1. Alan has completed the new Pain Recovery Program. To read or share it, use this link: http://go.tmswiki.org/newprogram
    Dismiss Notice

Acute Relapse need help

Discussion in 'Support Subforum' started by Aucklander, May 16, 2018.

Tags:
  1. Aucklander

    Aucklander Peer Supporter

    I have been tms ftee since my last post quite a while ago.
    The past couple of weeks have been a nightmare relapse.
    I can't tell my tms to get lost and deal with the extreme anger towards certain family members that suck the life out of me.
    I hate narcissist's.
    Having to have a relationship with a narcissistic parent is such a torment.

    When I was younger straight out of University I joined dad's business, now I am married and trying to separate our financial affairs I can see his manipulation and anger at my leaving. He is doing all he can to make it a difficult and untenable process.

    His behavior infuriates me, puts me in such bad moods my wife ends up annoyed at me.

    Life would be a whole lot better if he could respect our boundaries and opinions. This will never happen.

    Now my tms back pain has a firm grip.

    Is there anyone else who has gone through something similar?

    I don't know what to do. I find it hard to find a quiet spot to be alone and process what's happening.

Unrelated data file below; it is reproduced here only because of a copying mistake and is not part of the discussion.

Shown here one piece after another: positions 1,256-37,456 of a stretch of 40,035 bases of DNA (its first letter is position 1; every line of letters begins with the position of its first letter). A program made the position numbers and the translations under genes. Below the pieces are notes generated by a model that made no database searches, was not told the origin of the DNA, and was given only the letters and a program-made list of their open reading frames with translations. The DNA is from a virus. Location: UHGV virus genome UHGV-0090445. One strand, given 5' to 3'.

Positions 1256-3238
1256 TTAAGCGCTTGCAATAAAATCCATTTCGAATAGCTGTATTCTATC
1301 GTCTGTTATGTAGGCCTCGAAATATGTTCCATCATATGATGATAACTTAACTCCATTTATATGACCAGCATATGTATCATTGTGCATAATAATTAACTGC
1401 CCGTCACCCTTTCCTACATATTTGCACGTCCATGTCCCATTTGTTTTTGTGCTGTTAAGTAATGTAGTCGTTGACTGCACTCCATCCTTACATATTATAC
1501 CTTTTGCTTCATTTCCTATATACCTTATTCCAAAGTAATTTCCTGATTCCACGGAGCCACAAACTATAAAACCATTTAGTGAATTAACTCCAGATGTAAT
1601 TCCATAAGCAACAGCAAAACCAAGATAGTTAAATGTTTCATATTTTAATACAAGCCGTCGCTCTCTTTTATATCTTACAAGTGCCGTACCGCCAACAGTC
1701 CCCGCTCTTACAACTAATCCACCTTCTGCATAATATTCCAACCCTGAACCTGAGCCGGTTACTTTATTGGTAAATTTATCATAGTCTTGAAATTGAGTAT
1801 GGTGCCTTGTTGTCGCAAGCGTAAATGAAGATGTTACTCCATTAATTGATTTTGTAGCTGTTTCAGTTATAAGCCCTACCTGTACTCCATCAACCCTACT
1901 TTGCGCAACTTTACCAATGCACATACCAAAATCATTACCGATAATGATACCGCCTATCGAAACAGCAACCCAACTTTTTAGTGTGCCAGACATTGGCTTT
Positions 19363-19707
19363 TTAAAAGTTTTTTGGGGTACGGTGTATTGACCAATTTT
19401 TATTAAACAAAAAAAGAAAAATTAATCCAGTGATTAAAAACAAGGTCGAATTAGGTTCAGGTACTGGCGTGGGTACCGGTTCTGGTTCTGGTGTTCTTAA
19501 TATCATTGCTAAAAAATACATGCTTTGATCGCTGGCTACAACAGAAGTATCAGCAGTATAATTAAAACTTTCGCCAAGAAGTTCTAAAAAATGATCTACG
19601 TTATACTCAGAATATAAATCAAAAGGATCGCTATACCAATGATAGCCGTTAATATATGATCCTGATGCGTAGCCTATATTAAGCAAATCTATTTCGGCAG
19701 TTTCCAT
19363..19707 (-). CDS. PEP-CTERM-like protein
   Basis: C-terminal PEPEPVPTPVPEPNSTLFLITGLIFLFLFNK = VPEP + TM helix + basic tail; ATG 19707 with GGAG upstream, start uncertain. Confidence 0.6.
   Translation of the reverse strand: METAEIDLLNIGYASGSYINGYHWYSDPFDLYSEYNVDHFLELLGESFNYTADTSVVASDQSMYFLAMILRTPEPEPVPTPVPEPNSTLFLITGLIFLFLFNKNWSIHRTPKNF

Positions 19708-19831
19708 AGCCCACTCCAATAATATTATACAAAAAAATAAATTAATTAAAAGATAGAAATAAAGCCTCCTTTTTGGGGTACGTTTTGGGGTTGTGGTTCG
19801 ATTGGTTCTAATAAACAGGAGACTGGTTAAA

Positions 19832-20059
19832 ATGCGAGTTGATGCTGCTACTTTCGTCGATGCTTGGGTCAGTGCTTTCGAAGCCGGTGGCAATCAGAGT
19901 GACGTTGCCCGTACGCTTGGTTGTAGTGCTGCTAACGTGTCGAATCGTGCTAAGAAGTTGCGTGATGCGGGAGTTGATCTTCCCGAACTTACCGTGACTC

I feel having a journal in the house is risky given the words I feel I would write down on paper.
     
  2. joshcm

    joshcm New Member

    Hi mate ( and fellow Aucklander)

    Are you moving much?, getting rid of anger with physical excersise helps me more than journaling ( I think )

    Thats where I would start anyhow. Then use that as a base to build on the journal stuff.

    Josh
     
    Bodhigirl and plum like this.
  3. westb

    westb Peer Supporter

    I'm very sorry things are so tough at the moment in this transition process. It's good that you can see the connection between your emotions and the pain. What you are doing in declaring your independence from your family business is huge and is something that could lead to a brighter and more fulfilling future. To start with I would concur with @joshcm's advice re exercise to help siphon off the anger, whatever you enjoy and makes you feel good. Start slowly if needs be. If you haven't read Steve Ozanich's book his story of how he started exercising in spite of his crippling back pain is inspirational. Take this whole fraught situation of separation a step at a time as you reclaim your power. Good luck and hang in there!
     
  4. Time2be

    Time2be Well known member